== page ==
The Austin Film Society announced Wednesday that it has  signed an agreement to operate the theater and event venue formerly known as the Marchesa Hall and Theater at 6226 Middle Fiskville Road)

The venue will be temporarily renamed the AFS Cinema until—after undergoing renovations to incorporate a second screen—it will relaunch with new branding and expanded programming in early 2017.

The property is owned by Renaissance Limited, and AFS has signed a long-term lease, the terms of which were not disclosed.

AFS director Holly Herrick said that the nonprofit film organization was meeting with architects and planners to see what was possible in the space.

“We want to run a full-time arthouse by early 2017 and continue to rent out the event hall until the renovation is complete,” Herrick said. The Marchesa is also home to such events as Staple! The Indie Media Expo, MondoCon and Inspire Pro Wrestling.

The plan is for the two screen cinema to give a full-theatrical run to the sorts of independent films and contemporary foreign films that might not make it to indie-oriented cinemas such as the Violent Crown, the Alamo Drafthouses or the Arbor.

“The idea is to be able to offer these films something more than a single screening, something like a real opening in town,” Herrick said. “This means we don’t just do two or three screenings a month of these sorts of movies, it means we can do it all the time.”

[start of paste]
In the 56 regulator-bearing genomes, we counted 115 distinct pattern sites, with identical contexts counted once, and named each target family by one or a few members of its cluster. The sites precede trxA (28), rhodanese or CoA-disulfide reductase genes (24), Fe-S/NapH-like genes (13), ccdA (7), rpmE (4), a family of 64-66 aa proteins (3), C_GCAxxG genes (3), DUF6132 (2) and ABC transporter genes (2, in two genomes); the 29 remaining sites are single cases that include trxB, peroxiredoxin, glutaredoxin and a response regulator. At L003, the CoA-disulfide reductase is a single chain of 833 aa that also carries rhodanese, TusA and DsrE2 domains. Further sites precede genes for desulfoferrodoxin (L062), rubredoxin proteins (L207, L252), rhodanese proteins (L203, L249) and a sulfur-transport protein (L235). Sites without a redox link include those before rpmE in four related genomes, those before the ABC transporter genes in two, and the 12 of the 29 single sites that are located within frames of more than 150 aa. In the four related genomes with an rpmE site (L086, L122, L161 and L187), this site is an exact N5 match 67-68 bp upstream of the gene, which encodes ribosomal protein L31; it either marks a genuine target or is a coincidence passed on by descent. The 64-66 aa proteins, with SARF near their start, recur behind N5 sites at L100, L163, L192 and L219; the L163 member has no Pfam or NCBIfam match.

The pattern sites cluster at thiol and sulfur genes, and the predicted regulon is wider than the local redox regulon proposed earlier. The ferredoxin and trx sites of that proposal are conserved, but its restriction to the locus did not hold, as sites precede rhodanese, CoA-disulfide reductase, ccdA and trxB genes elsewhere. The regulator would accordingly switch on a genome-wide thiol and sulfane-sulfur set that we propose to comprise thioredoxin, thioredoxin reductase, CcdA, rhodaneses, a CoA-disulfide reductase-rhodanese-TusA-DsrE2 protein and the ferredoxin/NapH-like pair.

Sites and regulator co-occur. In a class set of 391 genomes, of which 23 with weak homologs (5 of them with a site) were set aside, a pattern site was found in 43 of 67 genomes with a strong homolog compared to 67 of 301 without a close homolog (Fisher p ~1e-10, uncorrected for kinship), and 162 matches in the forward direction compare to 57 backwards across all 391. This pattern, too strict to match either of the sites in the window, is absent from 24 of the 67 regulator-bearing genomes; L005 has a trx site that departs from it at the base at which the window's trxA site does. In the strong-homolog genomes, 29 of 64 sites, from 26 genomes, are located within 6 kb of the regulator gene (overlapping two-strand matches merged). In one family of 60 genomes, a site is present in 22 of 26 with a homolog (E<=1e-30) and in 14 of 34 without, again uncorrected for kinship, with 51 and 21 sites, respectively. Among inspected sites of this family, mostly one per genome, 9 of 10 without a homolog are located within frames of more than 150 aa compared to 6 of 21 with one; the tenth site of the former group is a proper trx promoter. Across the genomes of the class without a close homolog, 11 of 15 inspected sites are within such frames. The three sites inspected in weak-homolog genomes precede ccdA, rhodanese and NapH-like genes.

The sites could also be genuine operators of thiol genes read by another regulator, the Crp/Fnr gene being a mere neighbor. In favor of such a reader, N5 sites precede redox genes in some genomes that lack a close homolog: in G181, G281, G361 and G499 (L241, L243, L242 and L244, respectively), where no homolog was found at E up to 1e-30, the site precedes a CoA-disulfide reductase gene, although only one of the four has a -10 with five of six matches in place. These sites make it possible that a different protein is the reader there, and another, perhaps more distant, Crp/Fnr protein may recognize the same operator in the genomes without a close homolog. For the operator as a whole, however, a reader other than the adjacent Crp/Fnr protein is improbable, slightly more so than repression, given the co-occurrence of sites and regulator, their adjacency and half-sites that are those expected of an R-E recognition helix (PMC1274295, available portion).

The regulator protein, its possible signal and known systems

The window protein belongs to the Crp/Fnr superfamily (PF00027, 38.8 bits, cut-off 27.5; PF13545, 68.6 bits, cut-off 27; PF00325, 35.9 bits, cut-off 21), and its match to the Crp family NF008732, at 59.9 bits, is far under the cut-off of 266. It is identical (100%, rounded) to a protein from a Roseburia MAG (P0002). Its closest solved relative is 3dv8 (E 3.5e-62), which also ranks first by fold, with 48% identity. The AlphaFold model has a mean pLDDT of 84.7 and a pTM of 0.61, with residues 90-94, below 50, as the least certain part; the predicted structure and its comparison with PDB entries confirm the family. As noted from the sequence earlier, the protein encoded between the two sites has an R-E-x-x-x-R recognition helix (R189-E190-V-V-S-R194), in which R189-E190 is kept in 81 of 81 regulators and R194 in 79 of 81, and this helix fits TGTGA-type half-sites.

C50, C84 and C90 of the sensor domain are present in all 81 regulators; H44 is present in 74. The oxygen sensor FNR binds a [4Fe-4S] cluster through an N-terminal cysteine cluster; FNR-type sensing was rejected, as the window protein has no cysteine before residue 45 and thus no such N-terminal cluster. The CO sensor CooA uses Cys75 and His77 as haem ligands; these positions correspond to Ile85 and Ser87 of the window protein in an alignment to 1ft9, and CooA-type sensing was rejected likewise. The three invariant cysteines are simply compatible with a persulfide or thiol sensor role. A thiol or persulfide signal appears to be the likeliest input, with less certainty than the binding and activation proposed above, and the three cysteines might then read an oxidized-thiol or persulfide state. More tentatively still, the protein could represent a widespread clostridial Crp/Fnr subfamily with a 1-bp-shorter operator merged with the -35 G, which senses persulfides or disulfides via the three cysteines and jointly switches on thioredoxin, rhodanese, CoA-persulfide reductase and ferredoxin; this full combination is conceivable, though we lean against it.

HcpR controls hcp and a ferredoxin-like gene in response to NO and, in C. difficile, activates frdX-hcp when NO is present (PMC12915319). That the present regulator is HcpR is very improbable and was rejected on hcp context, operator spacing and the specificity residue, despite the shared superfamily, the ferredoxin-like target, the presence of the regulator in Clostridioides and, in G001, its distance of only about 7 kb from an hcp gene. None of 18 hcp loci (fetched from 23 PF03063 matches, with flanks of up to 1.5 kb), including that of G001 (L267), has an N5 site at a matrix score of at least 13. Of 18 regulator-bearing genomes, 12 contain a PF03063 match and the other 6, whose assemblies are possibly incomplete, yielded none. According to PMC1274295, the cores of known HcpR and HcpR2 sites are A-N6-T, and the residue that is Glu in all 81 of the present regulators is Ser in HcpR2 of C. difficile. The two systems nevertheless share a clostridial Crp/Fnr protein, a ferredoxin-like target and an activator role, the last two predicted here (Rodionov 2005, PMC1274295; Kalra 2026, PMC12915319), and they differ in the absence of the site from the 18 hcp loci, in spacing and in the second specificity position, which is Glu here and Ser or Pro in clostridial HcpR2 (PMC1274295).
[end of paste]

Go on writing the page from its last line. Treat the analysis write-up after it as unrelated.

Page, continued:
The AFS has been using the Marchesa since 2013. The plan now is to keep the current, 278-seat theater and turn one of the other rooms back into a second theater. AFS co-founder and artistic director Richard Linklater announced lead gifts and AFS’s plans to open an arthouse theater on stage at the Texas Film Awards in March.

David Monahan, an Austin native who has held management positions with Nordstrom’s, UT’s Texas Performing Arts and the Alamo Drafthouse, has been hired as general manager.

Leaving the space is Marchesa owner/booker Deborah Gill, who has been synonymous with the space since 2009.

“It was a very hard decision, but the lease was up and AFS was really ready  to take that next step,” Gill said Thursday. “My career has always been about building a strong community around the arts, and that’s not going to change. I stand behind what they want to do and I am proud to have been a part of it.”

Gill is also a longtime rock promoter whose family also owns and operates the Parlor.